Howard Fisher of Capital Media Services just posted a couple of back-to-back tweets alerting us to his stories about paradoxical actions by our geniuses at the Arizona State Legislature.
From the first story:
The House Transportation and Infrastructure Committee on Wednesday unanimously rejected a proposal by [Arizona State] Rep. [and trauma surgeon] Randall Friese, D-Tucson, to require adults to wear helmets or to pay a fee into a special trauma-injury fund.
Source: House panel rejects trauma surgeon’s attempt to require motorcycle helmets | tucson.com
And from the second story:
Saying Arizonans are one accident away from financial ruin, state lawmakers want to force motorists to buy more insurance to pay for the deaths and injuries they cause to others.
Source: Arizona legislators want drivers to pay more for insurance | havasunews.com
If you choose not to wear a seatbelt in Arizona, you are banned from bringing a civil action against any other person for injuries you suffer in an auto accident. It’s a tough law, but it makes sense.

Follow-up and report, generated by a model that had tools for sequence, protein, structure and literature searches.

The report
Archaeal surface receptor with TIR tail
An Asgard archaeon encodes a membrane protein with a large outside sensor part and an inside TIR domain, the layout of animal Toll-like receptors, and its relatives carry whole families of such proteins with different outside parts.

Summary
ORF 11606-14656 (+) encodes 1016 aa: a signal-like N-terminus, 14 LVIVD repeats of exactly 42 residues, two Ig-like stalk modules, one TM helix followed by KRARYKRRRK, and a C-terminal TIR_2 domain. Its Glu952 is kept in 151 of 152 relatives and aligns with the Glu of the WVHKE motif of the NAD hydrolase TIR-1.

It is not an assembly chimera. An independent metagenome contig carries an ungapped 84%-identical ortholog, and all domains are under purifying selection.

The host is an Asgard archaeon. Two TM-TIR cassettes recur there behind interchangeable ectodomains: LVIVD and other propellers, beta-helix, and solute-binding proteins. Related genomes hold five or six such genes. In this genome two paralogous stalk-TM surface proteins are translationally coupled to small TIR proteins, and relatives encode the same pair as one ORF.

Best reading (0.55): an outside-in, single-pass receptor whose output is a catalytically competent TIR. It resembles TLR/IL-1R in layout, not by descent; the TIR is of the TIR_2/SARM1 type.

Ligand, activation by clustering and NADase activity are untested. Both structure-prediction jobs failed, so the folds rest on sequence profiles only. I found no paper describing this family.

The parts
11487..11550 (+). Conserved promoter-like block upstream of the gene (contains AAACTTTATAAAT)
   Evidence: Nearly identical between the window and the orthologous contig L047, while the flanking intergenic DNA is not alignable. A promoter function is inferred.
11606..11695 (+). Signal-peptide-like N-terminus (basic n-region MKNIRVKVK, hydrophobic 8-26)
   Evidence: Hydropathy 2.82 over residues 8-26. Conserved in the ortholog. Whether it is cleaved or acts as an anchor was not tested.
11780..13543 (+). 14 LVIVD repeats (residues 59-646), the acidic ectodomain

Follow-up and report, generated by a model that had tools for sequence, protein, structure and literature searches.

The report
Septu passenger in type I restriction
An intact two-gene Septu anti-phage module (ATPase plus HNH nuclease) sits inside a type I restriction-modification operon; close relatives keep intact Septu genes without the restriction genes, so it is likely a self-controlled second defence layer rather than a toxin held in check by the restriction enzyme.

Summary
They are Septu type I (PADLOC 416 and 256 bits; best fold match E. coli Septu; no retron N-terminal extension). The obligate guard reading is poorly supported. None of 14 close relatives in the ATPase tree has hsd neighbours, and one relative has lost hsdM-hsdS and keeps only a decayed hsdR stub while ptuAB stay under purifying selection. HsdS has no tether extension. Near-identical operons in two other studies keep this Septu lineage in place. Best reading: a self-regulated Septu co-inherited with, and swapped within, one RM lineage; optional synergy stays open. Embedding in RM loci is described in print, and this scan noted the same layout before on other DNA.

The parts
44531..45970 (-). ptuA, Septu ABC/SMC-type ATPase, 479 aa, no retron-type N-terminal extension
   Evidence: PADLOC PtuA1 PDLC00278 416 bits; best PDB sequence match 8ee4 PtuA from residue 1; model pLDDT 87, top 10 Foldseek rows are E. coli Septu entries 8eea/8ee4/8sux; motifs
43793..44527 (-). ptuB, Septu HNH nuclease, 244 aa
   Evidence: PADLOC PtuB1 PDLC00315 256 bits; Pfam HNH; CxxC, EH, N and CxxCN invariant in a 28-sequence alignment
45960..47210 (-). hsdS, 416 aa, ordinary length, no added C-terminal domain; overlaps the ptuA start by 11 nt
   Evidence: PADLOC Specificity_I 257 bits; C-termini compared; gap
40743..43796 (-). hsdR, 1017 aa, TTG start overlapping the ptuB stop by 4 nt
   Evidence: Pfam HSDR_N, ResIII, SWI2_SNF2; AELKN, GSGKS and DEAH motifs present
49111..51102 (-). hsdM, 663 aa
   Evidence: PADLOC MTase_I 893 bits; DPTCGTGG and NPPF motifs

Do the same for helmets. If you want to ride without one, fine. But you do so at your own risk.
I chose not to wear a helmet. But it was a stupid choice. Every wreck was a dice throw on survival and one nearly took me out. Why should I be allowed to sue someone for the injuries I suffer if I choose to Ride-Stupid?
A brief search revealed no such law to me, Mike. I’d be very interested to know more about this.
There IS a statue requiring seat belt usage for all front seat occupants, as well a requirement for all children to either be belted or in car seats.
I don’t agree with the “do so at your own risk” argument, especially in light of the mandatory belt requirement. A sub-argument (which I consider somewhat valid) is that belting the driver is as much about maintaining control of a maneuvering vehicle as about driver safety. But you could make the same argument about helmet use. I’ve always felt more in-control and aware of surroundings (via reduced wind in my face and ears) with a helmet than without. And it’s not like a freewheeling cycle can’t injury someone other than the rider.